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Upcoming ARISS contact with Valley Manor School,Martensville, SK, Canada



An International Space Station school contact has been planned with participants at Valley Manor School, Martensville, SK, Canada on 11 Mar. The event is scheduled to begin at approximately 19:23 UTC. The duration of the contact is approximately 9 minutes and 30 seconds. The contact will be direct between NA1SS and VE5RAC. The contact should be audible over portions of Canada. Interested parties are invited to listen in on the 145.80 MHz downlink. The contact is expected to be conducted in English.

 

Valley Manor School is an Elementary school located in Martensville, Saskatchewan. This Pre k to Grade 8 School has a population of 611 students and over 50 professional and para-professional staff members. The school offers a wide variety of both academic subjects and extra-curricular opportunities. A great emphasis is placed on the schools Code of Conduct which includes the key characteristics of Respect, Responsibility, Caring Attitude and Sharing. Students are given a great deal of responsibility for their own learning and the direction it takes. Teachers support this learning by teaching various strategies that enhance personal growth and satisfaction. 

The City of Martensville has a population close to 8000 residents. It is located 10 minutes north of Saskatoon and has one of the fastest growing populations in Canada! There is considerable growth both in the residential and commercial areas. Recently a new pool has been built and within the upcoming years an addition to the high school will see its population double.

 

 

Participants will ask as many of the following questions as time allows:

 

1.   What can and can't you take into space?

2.   What personal items, other than your camera and guitar, did you take on 

     this mission? 

3.   Your pictures are amazing.  How powerful is your camera's zoom lens?

4.   Does the microgravity in the ISS change your voice?

5.   How can you actually digest food if there's only microgravity in space?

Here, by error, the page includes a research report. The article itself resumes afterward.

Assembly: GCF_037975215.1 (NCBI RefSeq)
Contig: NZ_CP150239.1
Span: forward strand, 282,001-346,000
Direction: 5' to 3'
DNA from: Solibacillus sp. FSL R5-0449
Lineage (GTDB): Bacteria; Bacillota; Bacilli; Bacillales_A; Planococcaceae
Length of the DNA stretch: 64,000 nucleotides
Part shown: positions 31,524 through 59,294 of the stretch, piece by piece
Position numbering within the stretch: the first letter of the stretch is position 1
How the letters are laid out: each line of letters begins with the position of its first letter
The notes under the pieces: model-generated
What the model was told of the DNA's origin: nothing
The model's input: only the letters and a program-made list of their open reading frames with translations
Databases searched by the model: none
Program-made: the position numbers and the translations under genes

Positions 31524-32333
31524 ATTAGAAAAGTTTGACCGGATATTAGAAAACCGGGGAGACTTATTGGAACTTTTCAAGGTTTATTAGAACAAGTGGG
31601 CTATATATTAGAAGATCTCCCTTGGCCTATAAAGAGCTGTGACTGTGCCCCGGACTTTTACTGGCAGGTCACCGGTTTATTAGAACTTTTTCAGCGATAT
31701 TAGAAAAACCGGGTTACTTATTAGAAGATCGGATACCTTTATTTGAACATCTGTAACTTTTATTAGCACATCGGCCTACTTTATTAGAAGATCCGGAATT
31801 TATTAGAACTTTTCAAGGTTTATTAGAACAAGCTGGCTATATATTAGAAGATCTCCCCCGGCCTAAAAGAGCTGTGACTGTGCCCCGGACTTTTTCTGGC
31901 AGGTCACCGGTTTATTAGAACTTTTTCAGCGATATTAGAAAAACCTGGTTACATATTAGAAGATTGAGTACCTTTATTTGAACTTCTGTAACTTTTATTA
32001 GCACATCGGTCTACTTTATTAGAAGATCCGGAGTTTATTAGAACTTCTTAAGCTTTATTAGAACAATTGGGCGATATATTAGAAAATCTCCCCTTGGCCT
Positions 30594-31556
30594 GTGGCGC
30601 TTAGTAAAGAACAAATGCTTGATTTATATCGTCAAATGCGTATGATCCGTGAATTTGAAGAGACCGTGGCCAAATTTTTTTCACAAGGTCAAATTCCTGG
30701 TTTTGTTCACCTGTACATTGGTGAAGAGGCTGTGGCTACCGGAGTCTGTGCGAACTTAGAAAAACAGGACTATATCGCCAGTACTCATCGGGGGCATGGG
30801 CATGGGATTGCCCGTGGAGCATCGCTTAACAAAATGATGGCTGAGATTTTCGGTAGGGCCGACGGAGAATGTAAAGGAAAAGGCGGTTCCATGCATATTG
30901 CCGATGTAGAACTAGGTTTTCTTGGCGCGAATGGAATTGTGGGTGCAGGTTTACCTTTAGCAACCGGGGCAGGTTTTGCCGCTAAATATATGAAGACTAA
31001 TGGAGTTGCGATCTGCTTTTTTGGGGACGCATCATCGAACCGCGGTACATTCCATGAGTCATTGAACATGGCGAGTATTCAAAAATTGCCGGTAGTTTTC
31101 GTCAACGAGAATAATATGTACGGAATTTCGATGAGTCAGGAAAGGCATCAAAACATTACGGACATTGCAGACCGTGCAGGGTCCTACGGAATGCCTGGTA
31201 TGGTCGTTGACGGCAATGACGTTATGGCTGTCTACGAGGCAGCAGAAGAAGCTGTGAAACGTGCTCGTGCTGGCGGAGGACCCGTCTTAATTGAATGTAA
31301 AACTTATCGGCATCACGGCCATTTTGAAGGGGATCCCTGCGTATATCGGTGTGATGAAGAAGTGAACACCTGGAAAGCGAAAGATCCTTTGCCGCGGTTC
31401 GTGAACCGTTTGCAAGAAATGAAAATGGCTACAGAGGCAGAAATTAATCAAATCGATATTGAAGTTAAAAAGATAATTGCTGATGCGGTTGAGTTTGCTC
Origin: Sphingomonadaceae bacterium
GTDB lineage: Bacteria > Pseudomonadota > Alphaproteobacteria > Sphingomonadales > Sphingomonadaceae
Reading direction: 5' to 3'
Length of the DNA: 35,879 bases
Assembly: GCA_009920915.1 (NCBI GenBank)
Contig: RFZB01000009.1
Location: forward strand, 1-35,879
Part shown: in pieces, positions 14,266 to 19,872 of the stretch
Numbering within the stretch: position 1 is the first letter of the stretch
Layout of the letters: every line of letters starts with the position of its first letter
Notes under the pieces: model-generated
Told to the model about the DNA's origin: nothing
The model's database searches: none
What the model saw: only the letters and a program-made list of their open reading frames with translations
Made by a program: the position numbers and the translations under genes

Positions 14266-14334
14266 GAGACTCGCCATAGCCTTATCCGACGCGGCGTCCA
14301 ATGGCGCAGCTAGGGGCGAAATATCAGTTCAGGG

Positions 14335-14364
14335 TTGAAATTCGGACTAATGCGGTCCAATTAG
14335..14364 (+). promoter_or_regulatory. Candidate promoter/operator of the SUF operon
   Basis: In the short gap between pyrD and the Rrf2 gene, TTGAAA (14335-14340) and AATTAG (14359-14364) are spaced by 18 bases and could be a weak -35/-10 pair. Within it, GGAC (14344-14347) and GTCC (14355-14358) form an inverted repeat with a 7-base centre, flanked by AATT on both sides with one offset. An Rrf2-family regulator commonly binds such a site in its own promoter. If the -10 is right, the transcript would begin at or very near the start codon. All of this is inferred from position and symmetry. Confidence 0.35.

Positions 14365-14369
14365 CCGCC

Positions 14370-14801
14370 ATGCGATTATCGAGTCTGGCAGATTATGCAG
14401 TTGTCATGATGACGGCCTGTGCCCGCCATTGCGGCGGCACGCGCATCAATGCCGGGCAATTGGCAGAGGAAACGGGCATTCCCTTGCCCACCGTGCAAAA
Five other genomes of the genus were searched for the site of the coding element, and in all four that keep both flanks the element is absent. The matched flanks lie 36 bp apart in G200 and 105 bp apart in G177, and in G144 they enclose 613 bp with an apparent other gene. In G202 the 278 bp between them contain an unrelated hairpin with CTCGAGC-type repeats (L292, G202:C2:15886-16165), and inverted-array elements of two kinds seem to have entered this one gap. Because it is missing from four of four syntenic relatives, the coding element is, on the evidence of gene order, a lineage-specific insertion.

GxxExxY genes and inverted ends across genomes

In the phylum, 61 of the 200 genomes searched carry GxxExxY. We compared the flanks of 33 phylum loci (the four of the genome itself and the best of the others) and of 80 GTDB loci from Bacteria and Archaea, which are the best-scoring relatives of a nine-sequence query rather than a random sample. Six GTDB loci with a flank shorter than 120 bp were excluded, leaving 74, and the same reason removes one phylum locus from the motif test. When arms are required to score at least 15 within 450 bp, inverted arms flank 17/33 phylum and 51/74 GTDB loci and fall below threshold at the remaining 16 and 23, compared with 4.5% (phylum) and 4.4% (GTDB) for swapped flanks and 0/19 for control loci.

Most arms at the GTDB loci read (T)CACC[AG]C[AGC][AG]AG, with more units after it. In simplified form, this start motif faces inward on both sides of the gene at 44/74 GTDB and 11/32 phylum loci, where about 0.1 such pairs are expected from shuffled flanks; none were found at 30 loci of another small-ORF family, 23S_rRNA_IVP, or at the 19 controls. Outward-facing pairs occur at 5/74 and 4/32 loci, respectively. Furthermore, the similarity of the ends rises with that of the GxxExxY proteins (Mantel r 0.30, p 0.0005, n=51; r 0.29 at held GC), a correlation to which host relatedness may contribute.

What happens to the acids in your stomach?

6.   What happens if you get sick in space?

7.   Last year you told our school you wanted to go to Mars.  Will you be 

     signing up with Mars One to travel to Mars in 2023?

8.   How does it feel being with the same people for 3 to 6 months?

9.   How fast can you move inside the ISS?  Can you run/float fast or do you 

     move slowly?

10.  What's it like to control Canadarm2?

11.  We are sampling some "space jerky" from a Saskatchewan company.  What is 

     the most disgusting food you've eaten in space?

12.  We watched your launch, but what does it feel like while going up into 

     space?

13.  Did you get to move around in the Soyuz during your trip to the ISS - it 

     looked pretty cramped!

14.  How much pressure is there on your body when you leave the ISS?

15.  What has been your best space adventure?

16.  Do you get nauseous doing somersaults inside the ISS?

17.  Do you strap yourself to the wall or float around when you sleep?

18.  We know you can see storm clouds from space.  Can you see the snow or 

     rain falling?

19.  What's it like to be on a spacewalk?

20.  What is your favourite thing to do on the ISS?

 

 

 

Information about the upcoming ARISS contacts can be obtained by subscribing to the SAREX maillist. To subscribe, go to http://www.amsat.org/amsat-new/tools/maillist/ and choose "How to Subscribe".

 

 

Next planned event(s):

 

 1.  Mt. Ousley Public School, Fairy Meadow, NSW, Australia, telebridge via 

     IK1SLD

     Tue, 12Mar2013, 07:35 UTC 

 

Due to continuing Space X operations, the above times are subject to last 

minute changes or  cancellations.

 

 

ARISS is an international educational outreach program partnering the participating space agencies, NASA, Russian Space Agency, ESA, CNES, JAXA, and CSA, with the AMSAT and IARU organizations from participating countries.

 

ARISS offers an opportunity for students to experience the excitement of Amateur Radio by talking directly with crewmembers on-board the International Space Station. Teachers, parents and communities see, first hand, how Amateur Radio and crewmembers on ISS can energize youngsters' interest in science, technology, and learning. Further information on the ARISS program is available on the website http://www.ariss.org/ (graciously hosted by the Radio Amateurs of Canada).

 

Thank you & 73,

David - AA4KN

 

 
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